Tips for Choosing Target Date FundsTarget date retirement funds,or TDFs, can be attractive investment options for employees whodo not want to actively manage their retirement savings. TDFs automatically rebalance to become more conservative as an employee gets closer to retirement. The
“target date” refers to a
target retirement date, and often is part of the name of the fund. For example, you might see
TDFs with names like “Portfolio 2030,” “Retirement Fund 2030,” or “Target 2030” that are
designed for individuals who intend to retire during or near the year 2030. Because of these
features, many plan sponsors decide to use TDFs as their plan’s qualified
default investmentalternative QDIA under Department of Labor regulations.Within this general framework, however, there are considerable differences among TDFs offered by different providers, even among TDFs with the same target date. For example, TDFs mayhave different investment strategies, glide paths, and investment-related fees. It is important thatfiduciaries understand these differences when selecting a TDF as an investment option for their plan.
Establish a process for comparing and selecting TDFs
. In general, plan fiduciaries shouldengage in an objective process to obtain information that will enable them to evaluate the prudence of any investment option made available under the plan. For example, in selecting aTDF you should consider prospectus information, such as information about performanceinvestment returns and investment fees and expenses. You should consider how well the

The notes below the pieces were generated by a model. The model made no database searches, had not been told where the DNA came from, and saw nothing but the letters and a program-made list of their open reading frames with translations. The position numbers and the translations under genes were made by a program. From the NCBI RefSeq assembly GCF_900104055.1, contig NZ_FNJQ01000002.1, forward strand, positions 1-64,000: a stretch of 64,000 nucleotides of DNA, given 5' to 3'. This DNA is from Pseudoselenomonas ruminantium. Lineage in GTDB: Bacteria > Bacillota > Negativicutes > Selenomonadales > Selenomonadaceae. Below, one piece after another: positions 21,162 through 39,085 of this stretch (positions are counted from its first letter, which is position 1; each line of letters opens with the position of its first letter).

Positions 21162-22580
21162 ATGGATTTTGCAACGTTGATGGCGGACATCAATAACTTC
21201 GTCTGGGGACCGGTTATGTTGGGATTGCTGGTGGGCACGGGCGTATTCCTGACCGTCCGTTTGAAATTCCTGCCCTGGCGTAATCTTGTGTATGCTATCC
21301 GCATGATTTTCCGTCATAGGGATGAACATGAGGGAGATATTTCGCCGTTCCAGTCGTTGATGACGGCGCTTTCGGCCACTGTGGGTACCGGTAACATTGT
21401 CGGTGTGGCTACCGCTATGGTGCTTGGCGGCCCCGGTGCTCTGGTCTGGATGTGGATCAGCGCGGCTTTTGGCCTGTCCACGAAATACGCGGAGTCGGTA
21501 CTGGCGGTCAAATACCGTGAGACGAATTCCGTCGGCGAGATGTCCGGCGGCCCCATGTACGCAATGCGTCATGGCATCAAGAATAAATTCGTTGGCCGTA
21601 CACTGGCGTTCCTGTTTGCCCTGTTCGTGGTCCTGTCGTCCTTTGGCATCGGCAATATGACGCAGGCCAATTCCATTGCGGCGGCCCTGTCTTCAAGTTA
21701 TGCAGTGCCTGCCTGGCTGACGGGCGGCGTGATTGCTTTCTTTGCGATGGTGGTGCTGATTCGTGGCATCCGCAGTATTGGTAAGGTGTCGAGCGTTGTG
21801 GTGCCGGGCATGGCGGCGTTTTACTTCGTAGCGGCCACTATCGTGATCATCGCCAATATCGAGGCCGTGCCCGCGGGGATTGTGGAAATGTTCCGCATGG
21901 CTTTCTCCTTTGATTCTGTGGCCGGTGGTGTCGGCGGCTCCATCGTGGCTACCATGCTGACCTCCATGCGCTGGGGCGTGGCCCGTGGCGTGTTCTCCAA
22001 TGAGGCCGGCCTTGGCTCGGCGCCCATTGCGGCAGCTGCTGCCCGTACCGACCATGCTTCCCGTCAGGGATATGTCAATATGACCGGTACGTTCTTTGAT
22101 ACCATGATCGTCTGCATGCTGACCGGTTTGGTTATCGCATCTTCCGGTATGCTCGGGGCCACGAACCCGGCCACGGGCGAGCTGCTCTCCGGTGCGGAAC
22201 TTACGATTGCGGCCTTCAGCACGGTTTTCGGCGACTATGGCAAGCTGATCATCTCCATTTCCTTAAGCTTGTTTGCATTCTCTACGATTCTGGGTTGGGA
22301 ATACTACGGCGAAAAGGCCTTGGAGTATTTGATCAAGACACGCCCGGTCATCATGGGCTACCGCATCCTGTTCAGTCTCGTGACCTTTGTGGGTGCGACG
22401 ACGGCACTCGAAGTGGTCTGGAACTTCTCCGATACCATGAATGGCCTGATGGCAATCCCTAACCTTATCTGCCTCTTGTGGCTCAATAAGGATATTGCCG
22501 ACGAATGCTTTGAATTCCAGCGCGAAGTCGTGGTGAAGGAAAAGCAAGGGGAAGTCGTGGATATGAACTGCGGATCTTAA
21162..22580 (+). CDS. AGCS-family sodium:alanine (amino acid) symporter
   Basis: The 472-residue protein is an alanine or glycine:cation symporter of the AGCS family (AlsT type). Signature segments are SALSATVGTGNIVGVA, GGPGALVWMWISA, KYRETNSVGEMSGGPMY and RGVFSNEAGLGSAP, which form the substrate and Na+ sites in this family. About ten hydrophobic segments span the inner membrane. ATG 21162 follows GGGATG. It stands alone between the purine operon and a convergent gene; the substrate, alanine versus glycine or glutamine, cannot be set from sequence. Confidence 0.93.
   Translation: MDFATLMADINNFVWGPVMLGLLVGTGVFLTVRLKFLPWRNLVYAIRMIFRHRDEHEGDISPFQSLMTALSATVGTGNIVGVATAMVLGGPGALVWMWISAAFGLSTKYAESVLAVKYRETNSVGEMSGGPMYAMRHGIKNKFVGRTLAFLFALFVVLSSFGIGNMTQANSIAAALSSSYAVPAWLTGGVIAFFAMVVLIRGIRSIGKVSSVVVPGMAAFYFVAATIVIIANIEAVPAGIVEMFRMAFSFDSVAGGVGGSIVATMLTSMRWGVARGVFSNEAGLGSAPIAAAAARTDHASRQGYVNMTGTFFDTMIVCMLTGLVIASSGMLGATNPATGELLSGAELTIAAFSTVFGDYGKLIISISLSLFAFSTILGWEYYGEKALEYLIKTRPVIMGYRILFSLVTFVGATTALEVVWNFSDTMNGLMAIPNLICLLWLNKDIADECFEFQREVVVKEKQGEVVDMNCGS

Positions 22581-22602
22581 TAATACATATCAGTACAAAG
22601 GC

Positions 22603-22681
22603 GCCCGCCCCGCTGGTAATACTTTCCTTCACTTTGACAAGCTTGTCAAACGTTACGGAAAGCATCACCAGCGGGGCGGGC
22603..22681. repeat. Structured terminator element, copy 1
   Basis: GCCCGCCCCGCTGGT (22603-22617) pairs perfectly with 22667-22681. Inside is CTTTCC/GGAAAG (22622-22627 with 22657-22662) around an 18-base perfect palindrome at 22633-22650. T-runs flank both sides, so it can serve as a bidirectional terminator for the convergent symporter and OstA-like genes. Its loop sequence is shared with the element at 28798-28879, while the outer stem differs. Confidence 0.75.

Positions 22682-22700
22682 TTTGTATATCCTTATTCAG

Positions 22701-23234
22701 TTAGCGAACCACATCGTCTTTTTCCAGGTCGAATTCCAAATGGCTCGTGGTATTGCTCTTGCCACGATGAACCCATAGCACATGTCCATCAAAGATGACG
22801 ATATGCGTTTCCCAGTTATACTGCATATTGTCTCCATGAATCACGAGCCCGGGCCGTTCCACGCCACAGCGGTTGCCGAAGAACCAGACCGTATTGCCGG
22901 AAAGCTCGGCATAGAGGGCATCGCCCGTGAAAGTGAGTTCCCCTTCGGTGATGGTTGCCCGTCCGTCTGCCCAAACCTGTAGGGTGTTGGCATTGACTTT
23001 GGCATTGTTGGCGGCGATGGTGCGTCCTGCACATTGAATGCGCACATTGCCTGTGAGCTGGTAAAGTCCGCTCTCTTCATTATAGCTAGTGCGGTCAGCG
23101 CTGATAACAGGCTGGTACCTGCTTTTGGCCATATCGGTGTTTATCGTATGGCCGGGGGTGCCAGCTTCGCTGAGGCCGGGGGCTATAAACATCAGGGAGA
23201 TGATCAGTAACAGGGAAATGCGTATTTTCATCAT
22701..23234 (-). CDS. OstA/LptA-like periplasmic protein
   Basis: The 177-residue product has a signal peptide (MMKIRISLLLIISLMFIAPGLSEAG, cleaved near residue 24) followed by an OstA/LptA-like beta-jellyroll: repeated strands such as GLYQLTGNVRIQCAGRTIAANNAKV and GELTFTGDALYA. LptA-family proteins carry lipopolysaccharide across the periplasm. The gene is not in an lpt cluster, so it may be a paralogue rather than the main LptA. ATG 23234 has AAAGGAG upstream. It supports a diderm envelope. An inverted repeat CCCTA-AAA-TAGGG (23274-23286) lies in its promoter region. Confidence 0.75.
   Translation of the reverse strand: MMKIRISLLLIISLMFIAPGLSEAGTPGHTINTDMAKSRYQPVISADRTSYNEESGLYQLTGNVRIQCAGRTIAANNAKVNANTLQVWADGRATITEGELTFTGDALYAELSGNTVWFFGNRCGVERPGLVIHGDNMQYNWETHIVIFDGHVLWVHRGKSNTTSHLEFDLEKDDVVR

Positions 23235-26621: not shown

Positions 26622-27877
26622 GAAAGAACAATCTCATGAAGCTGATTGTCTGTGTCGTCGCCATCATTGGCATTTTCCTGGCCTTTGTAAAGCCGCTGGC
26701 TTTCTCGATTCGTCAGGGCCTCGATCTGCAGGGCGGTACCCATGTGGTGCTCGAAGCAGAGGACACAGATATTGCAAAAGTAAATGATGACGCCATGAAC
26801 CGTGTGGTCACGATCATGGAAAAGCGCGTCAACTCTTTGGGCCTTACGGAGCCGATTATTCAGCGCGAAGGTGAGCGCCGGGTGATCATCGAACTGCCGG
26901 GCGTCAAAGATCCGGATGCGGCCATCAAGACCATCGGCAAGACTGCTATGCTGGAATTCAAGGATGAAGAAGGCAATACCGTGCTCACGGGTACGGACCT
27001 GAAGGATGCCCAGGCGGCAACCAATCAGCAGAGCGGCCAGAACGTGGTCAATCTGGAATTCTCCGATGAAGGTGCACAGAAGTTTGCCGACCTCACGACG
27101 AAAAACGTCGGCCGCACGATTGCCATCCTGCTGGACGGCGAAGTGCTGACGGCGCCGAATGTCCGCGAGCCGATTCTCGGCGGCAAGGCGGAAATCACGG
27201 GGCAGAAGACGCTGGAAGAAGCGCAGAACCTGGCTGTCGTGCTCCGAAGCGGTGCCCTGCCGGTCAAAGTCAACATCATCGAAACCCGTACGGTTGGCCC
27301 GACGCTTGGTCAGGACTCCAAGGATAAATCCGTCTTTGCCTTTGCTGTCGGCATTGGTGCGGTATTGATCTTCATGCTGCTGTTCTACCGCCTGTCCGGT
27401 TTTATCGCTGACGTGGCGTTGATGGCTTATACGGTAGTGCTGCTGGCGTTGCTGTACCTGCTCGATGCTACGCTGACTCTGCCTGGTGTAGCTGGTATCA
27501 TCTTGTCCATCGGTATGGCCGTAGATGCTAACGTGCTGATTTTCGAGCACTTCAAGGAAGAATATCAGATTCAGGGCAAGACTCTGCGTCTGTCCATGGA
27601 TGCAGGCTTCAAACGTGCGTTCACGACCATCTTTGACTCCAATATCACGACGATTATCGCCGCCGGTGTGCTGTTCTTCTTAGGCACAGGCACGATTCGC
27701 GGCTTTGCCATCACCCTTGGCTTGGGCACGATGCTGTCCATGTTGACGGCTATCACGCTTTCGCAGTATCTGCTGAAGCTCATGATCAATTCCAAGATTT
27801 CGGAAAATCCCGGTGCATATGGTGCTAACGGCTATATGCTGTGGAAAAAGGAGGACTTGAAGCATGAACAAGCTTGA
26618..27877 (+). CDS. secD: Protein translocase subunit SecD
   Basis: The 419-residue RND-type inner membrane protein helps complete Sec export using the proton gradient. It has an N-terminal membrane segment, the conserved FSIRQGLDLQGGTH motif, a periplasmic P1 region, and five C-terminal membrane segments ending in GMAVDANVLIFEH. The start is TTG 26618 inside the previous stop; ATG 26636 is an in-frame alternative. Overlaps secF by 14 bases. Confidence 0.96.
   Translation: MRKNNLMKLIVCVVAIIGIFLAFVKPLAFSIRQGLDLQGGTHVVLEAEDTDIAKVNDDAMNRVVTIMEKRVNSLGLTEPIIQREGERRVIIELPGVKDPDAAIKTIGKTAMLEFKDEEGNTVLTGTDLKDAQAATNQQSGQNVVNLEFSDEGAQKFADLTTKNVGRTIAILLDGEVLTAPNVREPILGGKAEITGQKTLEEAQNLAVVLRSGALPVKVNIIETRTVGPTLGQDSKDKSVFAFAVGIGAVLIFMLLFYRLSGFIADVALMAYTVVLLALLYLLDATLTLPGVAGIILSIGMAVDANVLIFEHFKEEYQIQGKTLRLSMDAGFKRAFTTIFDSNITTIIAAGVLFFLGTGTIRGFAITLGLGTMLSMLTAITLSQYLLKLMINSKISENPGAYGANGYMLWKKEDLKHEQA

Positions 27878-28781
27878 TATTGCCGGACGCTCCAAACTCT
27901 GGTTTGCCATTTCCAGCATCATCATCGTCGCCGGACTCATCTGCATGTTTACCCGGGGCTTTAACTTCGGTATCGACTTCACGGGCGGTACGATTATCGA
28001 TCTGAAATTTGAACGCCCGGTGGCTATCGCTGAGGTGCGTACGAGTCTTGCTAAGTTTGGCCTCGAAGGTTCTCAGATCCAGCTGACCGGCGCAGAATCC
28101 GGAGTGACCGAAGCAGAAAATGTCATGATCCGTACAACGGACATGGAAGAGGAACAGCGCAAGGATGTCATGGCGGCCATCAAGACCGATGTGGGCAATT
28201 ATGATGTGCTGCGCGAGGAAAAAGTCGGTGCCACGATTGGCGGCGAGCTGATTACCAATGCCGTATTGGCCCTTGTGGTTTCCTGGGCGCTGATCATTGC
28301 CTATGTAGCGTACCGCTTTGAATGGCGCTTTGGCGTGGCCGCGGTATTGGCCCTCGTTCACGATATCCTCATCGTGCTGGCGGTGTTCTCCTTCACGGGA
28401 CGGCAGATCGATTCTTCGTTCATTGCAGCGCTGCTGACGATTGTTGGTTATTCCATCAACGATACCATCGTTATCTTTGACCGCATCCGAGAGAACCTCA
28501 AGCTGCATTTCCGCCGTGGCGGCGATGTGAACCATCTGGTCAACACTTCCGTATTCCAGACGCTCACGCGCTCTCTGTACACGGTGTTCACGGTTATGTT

TDF’s characteristics align with eligible employees’ ages and likely retirement dates.
It alsomay be helpful for plan fiduciaries to discuss with their prospective TDF providers the possible significance of other characteristics of the participant population, such as participation in a traditional defined benefit pension plan offered by the employer, salarylevels, turnover rates, contribution rates and withdrawal patterns.
Establish a process for the periodic review of selected TDFs.
Plan fiduciaries are required
to periodically review the plan’s investment options to ensure that the
offer is as it is. At aminimum, the review process should include examining whether there have been anysignificant changes in the information fiduciaries considered when the option was selected or last reviewed.
For instance, if a TDF’s investment strategy or management team changessignificantly, or if the fund’s manager is not effectively carrying out the fund’s stated
investment strategy, then it may be necessary to consider replacing the fund. Similarly, if
your plan’s objectives in offering a TDF change, you should consider replacing the fund.
Understand the fund’s investments –
the allocation in different asset classes stocks,bonds, cash, individual investments, and how these will change over time.
looked at the fund’s prospectus or offering materials?
Do you understand the principalstrategies and risks of the fund or of any underlying asset classes or investments that may beheld by the TDF? Ma
ke sure you understand the fund’s glide path, including when the fund
will reach its most conservative asset allocation and whether that will occur at or after thetarget date. Some funds keep a sizeable investment in more volatile assets, like stocks, even
as they pass their “target” retirement dates.
Since these funds continue to invest in stock,